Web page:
A demi-tasse (more often now spelled in English without the hyphen) is, in the definition of Webster’s New World College Dictionary, ‘a small cup of or for black coffee served following dinner.’ English took the phrase from French, in which language the demi means ‘half’ and the tasse means the same as its Spanish cognate taza ‘cup.’ French and Spanish acquired their word for ‘cup’ from Arabic tasht ‘basin,’ but that noun had come into Arabic from Persian. The American Heritage Dictionary points out the similarity of a word in Avestan (the eastern dialect of Old Iranian), tashta, which meant ‘cup, bowl.’

Where a demi-tasse is small, the Spanish augmentative tazón is ‘a bowl’ or ‘a large cup.’

 © 2016 Steven Schwartzman

4 Comments (+add yours?)

  1. shoreacres
    Jan 20, 2016 @ 18:13:47

    What a famliar word: taza. I’ve recently read several descriptions of agave leaves being used to form a “cup” during sap collection. In an 1870 book detailing Mexican agriculture, including maguey cultivation, I found this:

    “Puede ser que el piojo del pulque no sea mas que las larvas del ‘velia melis agavis.’ Este insecto deposita sus heuvecillos en las grietas de las tazas de los magueyes, y es indudable que las aguas llovedizas acarrean estos huevesillos al centro de la taza, y alli mezclados con la agua-miel van a dar a las tinas donde se desarrollan.”

    None of the translation services knew what to do with huevesillos, but I’ve eaten enough huevos rancheros to figure that one out.

    “Tazo” brought to mind the popular brand of tea. I wondered if the word was made up, or taken from Spanish. Steven Smith, who developed the business, tells this story about the name:

    “I was aiming for Merlin meets Marco Polo,” he says, “with some Raiders of the Lost Ark thrown in.” He sat in a room with Lee, who had invested in the new venture, and they emerged hours later with Elixir, later altered to Tazo. Soon after, a tea-leaf reader informed him that Tazo means “river of life” in the Romany language she’d grown up speaking. Never one to turn down an auspicious omen, Smith made that phrase the guiding principle of the business.”



    • Steve Schwartzman
      Jan 20, 2016 @ 18:40:30

      What a coincidence that this post about taza tied in with your post about agave.

      It’s curious that the text you quoted spells the word for ‘little eggs’ in two ways, with a c and with an s. I’d have expected one or the other but not both. Spanish has undergone various spelling reforms, and you can see that in 1870 the common preposition that is now spelled a still had an accent on it.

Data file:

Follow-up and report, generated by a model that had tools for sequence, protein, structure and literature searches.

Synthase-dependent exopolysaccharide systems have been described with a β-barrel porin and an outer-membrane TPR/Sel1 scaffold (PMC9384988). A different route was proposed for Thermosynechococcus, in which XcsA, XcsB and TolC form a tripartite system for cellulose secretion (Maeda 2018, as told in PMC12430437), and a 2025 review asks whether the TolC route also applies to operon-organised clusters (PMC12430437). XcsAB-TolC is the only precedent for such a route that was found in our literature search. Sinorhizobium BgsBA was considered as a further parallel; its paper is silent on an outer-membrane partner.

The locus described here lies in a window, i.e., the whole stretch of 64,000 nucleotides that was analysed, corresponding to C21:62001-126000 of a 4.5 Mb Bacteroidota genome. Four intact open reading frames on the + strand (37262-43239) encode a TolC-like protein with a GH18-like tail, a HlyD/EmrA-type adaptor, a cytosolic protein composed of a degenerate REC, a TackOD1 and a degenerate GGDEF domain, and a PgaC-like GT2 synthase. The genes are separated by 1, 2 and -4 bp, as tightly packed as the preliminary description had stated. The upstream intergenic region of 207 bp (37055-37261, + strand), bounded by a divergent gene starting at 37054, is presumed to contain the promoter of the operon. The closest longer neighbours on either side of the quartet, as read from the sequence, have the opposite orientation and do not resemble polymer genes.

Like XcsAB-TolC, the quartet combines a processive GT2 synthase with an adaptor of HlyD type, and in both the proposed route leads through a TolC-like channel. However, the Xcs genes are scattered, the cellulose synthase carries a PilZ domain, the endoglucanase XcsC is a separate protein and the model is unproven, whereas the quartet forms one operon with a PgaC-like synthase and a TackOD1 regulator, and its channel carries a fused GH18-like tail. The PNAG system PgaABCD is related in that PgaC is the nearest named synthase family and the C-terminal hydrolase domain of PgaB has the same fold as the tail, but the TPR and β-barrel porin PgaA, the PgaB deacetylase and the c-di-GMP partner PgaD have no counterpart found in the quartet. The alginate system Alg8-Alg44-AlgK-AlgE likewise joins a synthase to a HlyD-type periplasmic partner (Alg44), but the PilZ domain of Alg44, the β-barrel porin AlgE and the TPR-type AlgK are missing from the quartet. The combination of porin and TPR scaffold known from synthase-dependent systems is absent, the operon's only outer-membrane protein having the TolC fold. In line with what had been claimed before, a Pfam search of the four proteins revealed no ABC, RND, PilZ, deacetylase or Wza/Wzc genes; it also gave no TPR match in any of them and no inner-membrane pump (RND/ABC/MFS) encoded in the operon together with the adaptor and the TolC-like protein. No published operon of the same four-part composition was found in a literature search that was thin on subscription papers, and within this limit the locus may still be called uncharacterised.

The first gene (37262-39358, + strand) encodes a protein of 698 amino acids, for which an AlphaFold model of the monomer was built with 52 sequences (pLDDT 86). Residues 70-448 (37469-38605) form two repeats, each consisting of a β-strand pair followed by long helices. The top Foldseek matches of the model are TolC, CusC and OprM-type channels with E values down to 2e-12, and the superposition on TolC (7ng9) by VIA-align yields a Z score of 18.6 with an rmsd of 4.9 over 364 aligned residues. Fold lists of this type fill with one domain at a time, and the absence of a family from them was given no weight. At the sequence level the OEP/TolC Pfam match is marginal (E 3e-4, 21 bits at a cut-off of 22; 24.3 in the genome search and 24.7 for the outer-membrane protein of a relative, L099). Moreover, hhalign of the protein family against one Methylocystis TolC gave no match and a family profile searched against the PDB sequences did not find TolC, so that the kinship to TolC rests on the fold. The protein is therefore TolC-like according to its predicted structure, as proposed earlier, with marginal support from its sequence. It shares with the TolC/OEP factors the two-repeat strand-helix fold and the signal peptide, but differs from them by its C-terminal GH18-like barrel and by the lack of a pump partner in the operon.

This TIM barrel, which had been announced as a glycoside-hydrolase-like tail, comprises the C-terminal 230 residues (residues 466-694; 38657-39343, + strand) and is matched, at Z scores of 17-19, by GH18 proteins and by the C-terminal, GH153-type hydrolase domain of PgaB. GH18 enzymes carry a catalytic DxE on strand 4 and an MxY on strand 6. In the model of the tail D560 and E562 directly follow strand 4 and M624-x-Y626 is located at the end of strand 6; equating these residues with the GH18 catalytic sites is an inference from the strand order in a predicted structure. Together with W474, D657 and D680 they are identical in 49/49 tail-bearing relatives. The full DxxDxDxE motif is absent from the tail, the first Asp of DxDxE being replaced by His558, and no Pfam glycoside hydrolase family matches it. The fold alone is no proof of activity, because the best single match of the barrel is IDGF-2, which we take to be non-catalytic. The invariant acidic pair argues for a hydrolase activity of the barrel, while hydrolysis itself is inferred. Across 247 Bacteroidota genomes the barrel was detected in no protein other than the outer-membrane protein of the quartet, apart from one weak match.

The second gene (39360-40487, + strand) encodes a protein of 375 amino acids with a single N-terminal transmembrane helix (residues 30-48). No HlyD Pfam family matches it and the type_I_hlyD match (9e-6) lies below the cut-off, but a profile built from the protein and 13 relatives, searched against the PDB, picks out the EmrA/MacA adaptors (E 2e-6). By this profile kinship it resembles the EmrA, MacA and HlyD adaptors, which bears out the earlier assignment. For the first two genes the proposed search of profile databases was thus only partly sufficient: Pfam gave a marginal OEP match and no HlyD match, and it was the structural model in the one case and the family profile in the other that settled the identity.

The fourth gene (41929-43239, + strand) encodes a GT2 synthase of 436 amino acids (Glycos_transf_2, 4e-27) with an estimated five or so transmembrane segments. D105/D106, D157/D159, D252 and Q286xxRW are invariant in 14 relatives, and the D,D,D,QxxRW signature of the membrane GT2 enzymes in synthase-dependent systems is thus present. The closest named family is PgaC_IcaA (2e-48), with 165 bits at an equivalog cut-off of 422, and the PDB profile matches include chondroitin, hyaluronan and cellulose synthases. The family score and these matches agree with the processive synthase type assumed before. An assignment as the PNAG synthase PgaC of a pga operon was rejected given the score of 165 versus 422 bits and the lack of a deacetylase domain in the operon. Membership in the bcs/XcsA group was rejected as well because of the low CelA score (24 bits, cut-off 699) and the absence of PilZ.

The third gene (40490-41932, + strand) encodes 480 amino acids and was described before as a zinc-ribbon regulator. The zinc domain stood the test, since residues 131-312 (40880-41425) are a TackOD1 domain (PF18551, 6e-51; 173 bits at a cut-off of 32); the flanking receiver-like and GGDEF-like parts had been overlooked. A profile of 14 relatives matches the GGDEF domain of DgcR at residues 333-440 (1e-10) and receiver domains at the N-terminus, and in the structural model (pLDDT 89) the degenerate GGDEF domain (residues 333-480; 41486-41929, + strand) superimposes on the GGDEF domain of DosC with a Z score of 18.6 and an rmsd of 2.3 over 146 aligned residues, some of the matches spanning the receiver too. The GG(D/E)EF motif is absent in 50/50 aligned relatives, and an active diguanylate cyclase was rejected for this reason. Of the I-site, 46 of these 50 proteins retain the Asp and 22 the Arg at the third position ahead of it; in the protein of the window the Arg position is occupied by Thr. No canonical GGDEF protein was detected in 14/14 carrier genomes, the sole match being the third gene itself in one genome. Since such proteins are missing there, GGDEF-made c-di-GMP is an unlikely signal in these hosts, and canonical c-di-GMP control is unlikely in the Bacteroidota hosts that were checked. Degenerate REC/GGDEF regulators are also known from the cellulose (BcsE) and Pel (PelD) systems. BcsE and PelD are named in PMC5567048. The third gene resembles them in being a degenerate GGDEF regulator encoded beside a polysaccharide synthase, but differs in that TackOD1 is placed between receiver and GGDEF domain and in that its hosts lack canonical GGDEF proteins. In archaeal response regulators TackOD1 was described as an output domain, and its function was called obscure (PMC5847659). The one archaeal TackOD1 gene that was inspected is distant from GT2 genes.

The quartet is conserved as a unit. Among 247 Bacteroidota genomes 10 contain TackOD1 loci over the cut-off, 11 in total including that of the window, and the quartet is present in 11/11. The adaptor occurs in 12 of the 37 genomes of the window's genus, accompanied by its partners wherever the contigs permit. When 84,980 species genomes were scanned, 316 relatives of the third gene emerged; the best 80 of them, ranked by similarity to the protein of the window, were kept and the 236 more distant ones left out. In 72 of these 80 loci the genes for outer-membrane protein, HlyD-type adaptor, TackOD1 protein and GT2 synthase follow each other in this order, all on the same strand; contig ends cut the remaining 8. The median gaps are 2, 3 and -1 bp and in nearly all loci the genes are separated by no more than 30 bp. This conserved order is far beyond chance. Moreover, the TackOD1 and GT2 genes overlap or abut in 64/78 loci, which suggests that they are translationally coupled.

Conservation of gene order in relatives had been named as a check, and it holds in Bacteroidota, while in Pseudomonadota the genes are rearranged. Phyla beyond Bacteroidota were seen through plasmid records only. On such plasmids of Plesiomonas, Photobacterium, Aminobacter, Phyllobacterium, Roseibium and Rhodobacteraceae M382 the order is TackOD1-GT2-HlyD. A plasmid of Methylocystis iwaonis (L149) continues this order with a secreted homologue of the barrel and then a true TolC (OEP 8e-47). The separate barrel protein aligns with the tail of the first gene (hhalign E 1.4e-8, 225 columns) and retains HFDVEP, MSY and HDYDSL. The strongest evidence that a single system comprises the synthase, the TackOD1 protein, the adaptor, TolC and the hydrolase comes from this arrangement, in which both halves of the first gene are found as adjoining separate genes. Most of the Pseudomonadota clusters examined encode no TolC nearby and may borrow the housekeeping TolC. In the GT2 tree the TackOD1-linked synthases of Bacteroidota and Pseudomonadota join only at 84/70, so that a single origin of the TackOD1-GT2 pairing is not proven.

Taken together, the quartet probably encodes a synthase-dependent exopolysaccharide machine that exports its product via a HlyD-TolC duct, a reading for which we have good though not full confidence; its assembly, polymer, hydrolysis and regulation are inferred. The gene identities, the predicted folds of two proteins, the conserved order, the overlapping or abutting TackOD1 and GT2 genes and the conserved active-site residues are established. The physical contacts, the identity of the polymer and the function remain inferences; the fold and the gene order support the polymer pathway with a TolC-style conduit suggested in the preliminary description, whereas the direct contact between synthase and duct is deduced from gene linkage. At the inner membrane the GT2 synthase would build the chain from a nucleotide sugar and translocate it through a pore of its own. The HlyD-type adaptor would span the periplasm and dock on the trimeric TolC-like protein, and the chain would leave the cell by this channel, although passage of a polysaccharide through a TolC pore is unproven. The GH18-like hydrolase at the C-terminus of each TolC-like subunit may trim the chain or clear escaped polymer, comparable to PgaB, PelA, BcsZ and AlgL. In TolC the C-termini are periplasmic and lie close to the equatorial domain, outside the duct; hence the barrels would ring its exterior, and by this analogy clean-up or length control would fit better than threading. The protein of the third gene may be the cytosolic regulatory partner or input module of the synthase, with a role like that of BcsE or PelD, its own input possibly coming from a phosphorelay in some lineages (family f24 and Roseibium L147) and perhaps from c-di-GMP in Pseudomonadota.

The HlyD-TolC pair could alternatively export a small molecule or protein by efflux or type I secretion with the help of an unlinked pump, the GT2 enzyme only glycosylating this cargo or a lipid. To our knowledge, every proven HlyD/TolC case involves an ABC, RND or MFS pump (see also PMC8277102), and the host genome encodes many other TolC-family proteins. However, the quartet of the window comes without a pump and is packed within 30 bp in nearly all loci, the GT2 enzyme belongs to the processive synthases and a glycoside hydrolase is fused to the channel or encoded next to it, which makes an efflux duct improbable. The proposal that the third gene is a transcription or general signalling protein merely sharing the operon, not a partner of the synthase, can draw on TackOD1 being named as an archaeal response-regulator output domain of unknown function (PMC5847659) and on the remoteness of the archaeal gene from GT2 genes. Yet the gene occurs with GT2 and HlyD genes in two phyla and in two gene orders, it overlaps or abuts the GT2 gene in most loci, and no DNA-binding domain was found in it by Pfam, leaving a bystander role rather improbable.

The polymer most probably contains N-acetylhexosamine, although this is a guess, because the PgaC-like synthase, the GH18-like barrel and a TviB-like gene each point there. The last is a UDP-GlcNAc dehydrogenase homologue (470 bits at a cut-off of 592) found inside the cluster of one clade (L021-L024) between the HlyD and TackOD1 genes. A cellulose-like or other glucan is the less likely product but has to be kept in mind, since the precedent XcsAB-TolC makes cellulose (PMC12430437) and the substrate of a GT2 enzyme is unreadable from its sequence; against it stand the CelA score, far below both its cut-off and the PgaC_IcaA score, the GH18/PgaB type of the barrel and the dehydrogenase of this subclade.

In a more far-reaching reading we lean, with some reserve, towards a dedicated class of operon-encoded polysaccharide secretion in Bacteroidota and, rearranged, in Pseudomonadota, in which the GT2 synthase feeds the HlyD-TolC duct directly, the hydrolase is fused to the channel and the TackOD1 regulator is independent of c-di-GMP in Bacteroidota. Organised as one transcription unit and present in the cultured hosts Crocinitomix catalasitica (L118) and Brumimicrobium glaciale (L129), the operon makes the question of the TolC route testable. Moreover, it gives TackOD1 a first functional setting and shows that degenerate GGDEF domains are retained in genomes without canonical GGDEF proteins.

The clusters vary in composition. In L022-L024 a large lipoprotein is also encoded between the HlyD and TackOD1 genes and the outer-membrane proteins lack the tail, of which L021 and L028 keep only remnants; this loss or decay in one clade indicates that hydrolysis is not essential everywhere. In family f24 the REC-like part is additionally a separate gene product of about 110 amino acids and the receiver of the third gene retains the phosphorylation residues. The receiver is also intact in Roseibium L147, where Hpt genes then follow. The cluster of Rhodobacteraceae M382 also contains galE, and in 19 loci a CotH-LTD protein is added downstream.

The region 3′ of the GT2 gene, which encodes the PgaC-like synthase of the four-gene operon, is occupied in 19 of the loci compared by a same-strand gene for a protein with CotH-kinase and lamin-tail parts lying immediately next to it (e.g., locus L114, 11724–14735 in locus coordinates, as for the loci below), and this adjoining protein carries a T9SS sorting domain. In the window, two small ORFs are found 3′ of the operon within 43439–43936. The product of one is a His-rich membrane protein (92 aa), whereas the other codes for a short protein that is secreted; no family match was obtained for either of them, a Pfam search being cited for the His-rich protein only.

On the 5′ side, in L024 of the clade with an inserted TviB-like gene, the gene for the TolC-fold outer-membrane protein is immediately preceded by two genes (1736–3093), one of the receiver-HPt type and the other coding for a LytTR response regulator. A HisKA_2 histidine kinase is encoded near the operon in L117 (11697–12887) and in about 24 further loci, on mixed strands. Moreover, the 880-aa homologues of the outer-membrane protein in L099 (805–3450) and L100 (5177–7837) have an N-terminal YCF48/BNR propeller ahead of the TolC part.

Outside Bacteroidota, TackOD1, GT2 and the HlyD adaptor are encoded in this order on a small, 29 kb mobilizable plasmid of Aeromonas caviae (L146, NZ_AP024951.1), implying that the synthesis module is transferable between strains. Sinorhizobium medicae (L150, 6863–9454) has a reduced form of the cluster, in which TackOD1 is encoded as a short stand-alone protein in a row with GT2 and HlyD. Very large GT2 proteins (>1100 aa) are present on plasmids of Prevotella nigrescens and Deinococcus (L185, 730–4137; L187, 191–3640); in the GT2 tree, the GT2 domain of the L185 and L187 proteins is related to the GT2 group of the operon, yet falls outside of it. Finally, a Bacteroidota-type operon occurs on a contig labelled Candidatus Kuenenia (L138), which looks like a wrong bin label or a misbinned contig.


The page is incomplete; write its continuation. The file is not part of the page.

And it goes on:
I think I also wondered if the Tazo name had anything to do with Spanish taza, but you’ve made clear that it didn’t. What I’m not clear about is how Elixir got changed to Tazo. I also wonder how the first vowel in Tazo is supposed to be pronounced: like ah or like ay?


  2. Maria F.
    Jan 22, 2016 @ 19:53:17

    “Tazo” is not in any dictionary and it only exists as “el rio Tazo Grande” from Peru. So if they mean “river of life” then it must be that river, but as a word in itself does not exist. It is pronounced like ‘ah’.

    The ‘’-illos” is a suffix diminutive used only in Spain. Here we say “huevitos”, not “huevesillos”. They add it to other words also. To form a new word (not necessarily a diminutive of the original): mantequilla (butter), panecillo (bread roll), bolsillo (pocket), cajetilla (packet), ventanilla (ticket office), carbonilla (cinder), cabecilla (ringleader), vaquilla (heifer), de mentirijillas (as a joke).


    • Steve Schwartzman
      Jan 22, 2016 @ 20:43:47

      Right. According to the previous comment, the Tazo of the tea company turned out to be a word from the Romany language, not from Spanish. My question about the pronunciation of Tazo referred to the way the tea company pronounces it, which could well differ from how the word is pronounced in Romany. To find out, I just called the company and learned that the first syllable in the name is pronounced “tah,” as it would be in Spanish. The z, however, is pronounced like a true z, not like the s-sound it would have in Latin American Spanish (or the th-sound it would have in many parts of Spain).


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©2011–2016 Steven Schwartzman
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